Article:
Lake Don Pedro Community Services District Drought And Emergency Water Supply Information Update for April 16, 2015
Merced River below Lake McSwain
April 18, 2015 - As of April 16, 2015 the water surface elevation of Lake McClure is 612.75 above sea level, with 96,550 acre feet (AF) of water storage. Due to a short period of high inflow into the lake, the surface elevation is increasing approximately 1/3 foot per day, or 500 AF of additional water stored per day. Based on weather predictions, we expect the lake to start dropping by May 1, so current estimates predict that our water pumps will be serviceable through early October 2015. This is excellent news as we hope the weather will be cooler and rainy by that time.
Unfortunately, the national weather folks are not predicting a wet year for 2015/16. In fact, the predictions are for warming temperatures, continued drought and rains occurring in a “monsoonal” fashion; warm and heavy. We are now planning for an additional dry year; water supply wise.
MID has submitted a petition to State Water Board (SWRCB) to reduce reservoir outflow and allow LDPCSD to continue diverting water below minimum pool of 115,000 acre feet. We are hopeful for SWRCB approval in one to two weeks.
Progress on groundwater well development is proceeding on schedule, with well pump testing scheduled for Well #3 on April 22nd, and Well #2 development and pump testing during the week of April 27. The two to three new wells are still slated to be on line and functional by June/July 2015. We continue to evaluate other longer term options such as developing a temporary pool of water in the location of the emergency floating pumps and using lake inflow to feed the pumps; and the construction of a deep water intake, which is the best solution but most costly at $6.5 million.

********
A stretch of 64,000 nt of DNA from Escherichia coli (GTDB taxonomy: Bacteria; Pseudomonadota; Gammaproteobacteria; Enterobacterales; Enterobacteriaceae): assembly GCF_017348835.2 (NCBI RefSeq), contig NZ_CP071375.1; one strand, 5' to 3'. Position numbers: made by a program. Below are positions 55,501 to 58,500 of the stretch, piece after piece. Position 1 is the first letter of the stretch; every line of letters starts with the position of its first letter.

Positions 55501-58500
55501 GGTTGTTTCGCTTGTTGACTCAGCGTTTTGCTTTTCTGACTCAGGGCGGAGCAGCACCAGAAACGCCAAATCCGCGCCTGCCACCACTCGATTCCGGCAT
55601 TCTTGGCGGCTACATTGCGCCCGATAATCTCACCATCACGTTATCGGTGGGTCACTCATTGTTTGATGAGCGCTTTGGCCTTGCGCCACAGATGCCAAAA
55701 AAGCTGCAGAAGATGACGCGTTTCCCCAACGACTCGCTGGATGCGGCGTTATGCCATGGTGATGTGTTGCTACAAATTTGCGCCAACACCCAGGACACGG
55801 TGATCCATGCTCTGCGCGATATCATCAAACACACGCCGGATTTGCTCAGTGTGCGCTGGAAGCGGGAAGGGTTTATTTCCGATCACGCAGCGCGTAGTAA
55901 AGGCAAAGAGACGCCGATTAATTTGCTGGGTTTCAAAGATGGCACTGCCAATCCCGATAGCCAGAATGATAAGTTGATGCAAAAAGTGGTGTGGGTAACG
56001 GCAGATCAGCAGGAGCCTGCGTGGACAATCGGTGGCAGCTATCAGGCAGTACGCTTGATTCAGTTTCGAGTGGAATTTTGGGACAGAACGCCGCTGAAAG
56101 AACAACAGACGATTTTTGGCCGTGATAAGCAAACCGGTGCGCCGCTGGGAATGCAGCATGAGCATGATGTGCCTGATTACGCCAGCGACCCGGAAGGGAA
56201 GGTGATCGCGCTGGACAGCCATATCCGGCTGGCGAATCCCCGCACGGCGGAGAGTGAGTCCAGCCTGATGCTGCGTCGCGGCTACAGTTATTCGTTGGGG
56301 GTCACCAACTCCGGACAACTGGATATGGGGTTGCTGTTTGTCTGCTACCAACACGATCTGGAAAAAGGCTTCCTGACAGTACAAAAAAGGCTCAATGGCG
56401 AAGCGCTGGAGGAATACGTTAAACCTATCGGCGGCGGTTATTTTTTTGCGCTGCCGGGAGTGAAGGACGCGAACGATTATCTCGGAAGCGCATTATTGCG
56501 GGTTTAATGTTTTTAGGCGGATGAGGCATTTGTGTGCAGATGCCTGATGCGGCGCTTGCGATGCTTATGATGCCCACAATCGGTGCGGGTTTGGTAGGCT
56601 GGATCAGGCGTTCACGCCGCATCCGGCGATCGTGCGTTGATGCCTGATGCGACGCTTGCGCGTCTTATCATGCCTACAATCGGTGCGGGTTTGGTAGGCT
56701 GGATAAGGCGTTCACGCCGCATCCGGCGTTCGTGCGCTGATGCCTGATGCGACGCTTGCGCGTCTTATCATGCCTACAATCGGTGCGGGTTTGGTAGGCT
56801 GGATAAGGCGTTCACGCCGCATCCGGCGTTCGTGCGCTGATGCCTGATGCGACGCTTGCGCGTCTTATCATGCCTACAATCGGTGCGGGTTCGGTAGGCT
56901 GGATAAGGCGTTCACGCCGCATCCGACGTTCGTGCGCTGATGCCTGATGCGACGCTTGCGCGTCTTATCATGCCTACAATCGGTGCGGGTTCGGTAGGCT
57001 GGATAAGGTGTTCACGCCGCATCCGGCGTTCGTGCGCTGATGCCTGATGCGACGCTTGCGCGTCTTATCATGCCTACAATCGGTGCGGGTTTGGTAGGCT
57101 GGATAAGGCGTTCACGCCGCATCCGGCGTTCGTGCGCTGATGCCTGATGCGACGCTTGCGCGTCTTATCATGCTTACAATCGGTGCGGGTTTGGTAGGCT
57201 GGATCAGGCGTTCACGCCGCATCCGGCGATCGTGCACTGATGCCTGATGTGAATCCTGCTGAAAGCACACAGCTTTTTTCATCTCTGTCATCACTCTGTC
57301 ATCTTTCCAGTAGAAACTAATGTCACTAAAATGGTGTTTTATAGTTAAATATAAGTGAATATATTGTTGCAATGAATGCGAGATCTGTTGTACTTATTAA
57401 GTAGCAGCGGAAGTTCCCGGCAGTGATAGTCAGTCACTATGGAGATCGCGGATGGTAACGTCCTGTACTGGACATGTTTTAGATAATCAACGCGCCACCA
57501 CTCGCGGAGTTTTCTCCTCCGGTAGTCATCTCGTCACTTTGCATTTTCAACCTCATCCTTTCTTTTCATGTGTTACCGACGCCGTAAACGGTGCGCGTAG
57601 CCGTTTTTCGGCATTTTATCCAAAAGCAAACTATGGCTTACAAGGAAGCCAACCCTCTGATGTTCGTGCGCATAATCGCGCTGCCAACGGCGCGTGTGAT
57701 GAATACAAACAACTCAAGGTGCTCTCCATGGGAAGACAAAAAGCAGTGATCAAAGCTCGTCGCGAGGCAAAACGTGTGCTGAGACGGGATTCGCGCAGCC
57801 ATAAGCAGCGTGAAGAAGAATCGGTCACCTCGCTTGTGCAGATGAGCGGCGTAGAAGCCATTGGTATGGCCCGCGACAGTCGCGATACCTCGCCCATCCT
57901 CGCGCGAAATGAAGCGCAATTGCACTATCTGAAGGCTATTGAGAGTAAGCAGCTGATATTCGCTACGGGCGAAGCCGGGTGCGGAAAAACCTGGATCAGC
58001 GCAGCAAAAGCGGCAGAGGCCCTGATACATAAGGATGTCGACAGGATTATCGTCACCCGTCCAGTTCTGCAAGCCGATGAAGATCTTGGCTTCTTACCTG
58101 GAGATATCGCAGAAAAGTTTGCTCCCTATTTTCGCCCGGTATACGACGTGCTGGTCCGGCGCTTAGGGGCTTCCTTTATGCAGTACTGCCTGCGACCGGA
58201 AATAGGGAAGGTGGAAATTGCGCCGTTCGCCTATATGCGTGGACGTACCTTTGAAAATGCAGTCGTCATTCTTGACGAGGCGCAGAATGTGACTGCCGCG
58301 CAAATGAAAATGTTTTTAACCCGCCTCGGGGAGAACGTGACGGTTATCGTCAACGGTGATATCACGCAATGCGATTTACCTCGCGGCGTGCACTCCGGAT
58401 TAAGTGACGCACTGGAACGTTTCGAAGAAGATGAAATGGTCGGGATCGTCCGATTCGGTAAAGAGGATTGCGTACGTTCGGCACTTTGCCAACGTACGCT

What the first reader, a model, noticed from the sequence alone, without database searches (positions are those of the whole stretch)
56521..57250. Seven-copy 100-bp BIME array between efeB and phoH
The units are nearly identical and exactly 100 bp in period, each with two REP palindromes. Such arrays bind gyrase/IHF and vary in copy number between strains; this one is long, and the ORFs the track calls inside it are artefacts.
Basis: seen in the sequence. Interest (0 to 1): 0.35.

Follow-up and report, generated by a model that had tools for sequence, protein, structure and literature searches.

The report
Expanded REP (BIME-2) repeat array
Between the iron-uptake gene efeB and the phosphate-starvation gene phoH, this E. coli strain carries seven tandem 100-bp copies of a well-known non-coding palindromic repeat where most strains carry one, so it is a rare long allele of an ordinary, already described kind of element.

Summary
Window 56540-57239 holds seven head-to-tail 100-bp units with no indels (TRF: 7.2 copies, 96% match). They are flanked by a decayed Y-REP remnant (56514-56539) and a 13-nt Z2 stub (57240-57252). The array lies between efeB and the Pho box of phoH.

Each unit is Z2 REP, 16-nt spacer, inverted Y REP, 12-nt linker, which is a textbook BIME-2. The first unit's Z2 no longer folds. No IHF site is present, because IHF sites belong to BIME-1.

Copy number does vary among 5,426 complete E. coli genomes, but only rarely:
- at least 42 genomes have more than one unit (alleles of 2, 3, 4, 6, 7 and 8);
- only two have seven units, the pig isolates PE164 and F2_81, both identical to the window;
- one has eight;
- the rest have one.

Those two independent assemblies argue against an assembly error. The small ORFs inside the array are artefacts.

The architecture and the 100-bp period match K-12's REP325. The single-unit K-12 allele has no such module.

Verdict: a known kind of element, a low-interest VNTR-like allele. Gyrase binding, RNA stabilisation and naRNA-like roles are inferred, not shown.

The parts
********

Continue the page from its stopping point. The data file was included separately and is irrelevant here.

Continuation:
Following are important facts related to our water supply:
1. Nearly all of our water currently comes from Lake McClure, and its water surface elevation could drop below even our emergency pumps in September 2015 if this serious drought continues
2. We have an aggressive plan to keep us from running out of water and we are receiving much state assistance in getting there; including $462,000 in grants to date with more potentially in the queue
3. We are actively developing additional water supply by drilling enough groundwater wells to meet the water needs of our community this spring and summer. 50% conservation will be needed from our customers for the wells to meet summer water needs. 50% water conservation is mandatory and all customers must reduce water use to the maximum extent possible to make sure we have plenty of water this spring and summer.
4. For us to “run out” of water, three very unlikely events would need to occur simultaneously:
a. The drought continued and/or worsened, and
b. Adequate groundwater could not be found, or the wells we drilled run out of water, and
c. The State Water Resources Control Board does not approve MID requests to reduce “fish” flows out of the reservoir.
In case of an outage, an emergency operations center would be opened and all residents would receive adequate bottled or bulk water until the lake came back up over our pumps. We may also truck in as much water as possible to run through our treatment plant and keep some water in the tanks. Trucking water is very expensive and cannot be sustained for long.
A plan is in place, we don’t expect to run out of water, but we need the help of our customers in conserving as much as they can! Thank you.